2006 Honda Pilot

The Pilot is the Accord of midsize crossovers, in that it’s generic to the point of being a Platonic ideal form.

So the Pilot is low on fun, but big on practicality and, quite frankly, if you’re planning on buying one of these school buses, fun was never really in the cards.

Still, this crossover will get plenty of stuff and people from place to place effortlessly, and like all Hondas it will do that without much of a fuss.

2010 Kia Soul

If style figures heavily in your decision-making process, consider Kia’s box on wheels.

The Soul is not a sporty car, but it is a fun one. Even if CGI hamsters weren’t schilling for it, anyone would have a hard time looking at a Soul without cracking a smile.

It’s also ideally sized for urban driving, and since it’s only been on sale for a few years, it hasn’t gone out of style.

2012 Mazda6

The Mazda6 isn’t as popular as its rivals from Honda, Nissan, and Toyota. Maybe that’s because fewer people have heard of it, or because those who have can’t stand looking at it’s grinning front fascia.

If the Mazda’s unusual styling is to your liking, you’ll find a reliable car from the company that created the Miata and RX-8. It’s a little funky and offbeat, but can still do everything important.

Also, you probably won’t see another one on the road.

2006 Nissan Frontier

Even if you’re buying on a budget, there’s no reason not to consider as wide a range of vehicles as possible. Whether you need to haul a lot of stuff that won’t fit in a sedan’s trunk, or just like pretending to to be a cowboy, a pickup truck could be just the ticket.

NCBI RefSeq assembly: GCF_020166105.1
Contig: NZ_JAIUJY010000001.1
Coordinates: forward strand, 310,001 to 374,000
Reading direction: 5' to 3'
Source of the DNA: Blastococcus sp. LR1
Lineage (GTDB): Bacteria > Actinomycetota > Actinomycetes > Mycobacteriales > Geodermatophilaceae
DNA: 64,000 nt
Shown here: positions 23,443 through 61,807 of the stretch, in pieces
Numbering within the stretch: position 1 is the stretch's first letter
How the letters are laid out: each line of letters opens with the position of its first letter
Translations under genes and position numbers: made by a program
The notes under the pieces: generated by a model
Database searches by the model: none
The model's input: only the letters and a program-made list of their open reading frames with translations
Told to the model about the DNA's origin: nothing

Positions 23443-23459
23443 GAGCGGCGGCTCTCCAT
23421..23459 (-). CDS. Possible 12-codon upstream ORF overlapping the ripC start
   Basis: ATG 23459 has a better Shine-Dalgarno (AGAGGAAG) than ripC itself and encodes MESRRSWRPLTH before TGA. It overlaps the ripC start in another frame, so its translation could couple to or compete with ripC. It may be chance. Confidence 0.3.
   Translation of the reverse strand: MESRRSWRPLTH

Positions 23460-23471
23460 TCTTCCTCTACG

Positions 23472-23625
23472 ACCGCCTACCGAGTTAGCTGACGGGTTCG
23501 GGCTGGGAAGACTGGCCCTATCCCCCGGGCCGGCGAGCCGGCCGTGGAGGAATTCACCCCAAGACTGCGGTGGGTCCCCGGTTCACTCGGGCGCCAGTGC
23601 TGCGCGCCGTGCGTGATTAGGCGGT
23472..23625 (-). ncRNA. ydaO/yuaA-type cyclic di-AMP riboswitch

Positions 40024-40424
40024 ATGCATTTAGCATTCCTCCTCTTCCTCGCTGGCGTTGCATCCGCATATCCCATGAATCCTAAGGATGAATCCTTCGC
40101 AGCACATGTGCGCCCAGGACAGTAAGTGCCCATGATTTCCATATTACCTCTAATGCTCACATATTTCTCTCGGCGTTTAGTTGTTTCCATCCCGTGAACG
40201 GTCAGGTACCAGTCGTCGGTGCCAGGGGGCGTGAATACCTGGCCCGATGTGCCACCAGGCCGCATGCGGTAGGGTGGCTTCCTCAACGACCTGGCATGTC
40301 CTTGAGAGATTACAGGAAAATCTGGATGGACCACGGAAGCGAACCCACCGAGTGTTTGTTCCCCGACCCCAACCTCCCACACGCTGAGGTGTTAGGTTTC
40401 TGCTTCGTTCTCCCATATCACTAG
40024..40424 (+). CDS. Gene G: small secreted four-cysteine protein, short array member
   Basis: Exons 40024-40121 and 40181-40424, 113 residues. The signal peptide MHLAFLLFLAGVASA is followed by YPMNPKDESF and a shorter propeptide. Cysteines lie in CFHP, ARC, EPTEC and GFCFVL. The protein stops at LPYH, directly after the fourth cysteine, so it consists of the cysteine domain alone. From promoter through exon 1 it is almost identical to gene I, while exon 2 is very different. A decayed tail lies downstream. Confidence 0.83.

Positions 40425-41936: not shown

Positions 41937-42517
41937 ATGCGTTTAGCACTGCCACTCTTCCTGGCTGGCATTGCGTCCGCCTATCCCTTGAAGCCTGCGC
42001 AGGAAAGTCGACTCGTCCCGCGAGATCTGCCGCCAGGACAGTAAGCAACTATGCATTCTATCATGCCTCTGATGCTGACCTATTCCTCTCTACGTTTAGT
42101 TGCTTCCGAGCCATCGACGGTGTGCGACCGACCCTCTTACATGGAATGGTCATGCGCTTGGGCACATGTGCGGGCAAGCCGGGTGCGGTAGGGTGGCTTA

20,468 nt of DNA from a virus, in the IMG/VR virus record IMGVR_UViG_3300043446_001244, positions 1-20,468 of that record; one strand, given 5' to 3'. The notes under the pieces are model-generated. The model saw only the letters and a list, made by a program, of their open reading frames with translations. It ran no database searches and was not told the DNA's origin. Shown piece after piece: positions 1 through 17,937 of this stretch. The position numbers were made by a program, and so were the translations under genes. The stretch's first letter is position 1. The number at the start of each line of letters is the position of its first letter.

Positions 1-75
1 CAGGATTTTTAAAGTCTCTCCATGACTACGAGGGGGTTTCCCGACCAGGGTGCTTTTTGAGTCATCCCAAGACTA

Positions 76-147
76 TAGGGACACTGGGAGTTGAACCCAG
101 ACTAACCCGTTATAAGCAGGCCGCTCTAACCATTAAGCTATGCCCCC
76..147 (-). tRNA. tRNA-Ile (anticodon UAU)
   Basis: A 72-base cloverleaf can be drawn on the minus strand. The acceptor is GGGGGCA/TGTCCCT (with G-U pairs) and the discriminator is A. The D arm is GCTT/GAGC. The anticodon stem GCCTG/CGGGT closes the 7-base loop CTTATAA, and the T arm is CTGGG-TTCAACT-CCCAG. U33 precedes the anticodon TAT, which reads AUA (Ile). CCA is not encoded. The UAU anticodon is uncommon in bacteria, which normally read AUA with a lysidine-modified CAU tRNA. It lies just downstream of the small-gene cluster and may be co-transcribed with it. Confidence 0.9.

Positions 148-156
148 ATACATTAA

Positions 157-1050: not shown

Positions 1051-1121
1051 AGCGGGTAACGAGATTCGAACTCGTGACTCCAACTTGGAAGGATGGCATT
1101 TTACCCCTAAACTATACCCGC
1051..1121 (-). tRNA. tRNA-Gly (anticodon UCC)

The Nissan Frontier is just as reliable as virtually everything else in Nissan’s lineup, and is part of a vanishing breed of smaller trucks that should be cheaper to run thanks to lower fuel costs.

Exemplifying the moribund nature of the midsize truck market, Nissan hasn’t redesigned the Frontier since the current generation’s 2005 model-year launch. That means you won’t miss out on much by buying an older model.

2008 Subaru Impreza

For most people, all-wheel drive and a high seating position are one and the same. It doesn’t have to be this way.

In addition to having impeccable reliability and safety records, the Impreza offers plenty of extra traction, which should come in handy if you live in a place where weather occurs.

That all-wheel drive system, combined with a decently powerful boxer engine, makes the Impreza a decently engaging car to drive. Plus, there’s the whole World Rally Championship halo effect.

2006 Subaru Outback

The Outback is part station wagon, part crossover, and all awesome. Even if you’re not a Subaru cultists, it’s easy to appreciate the all-wheel drive Outback’s superior driving dynamics and fuel economy when compared to larger crossovers and SUVs.

Like all Subarus, Outbacks are legendarily reliable because they’re built like farm equipment, and are about as luxurious. With base models, at least, there just isn’t too much to damage.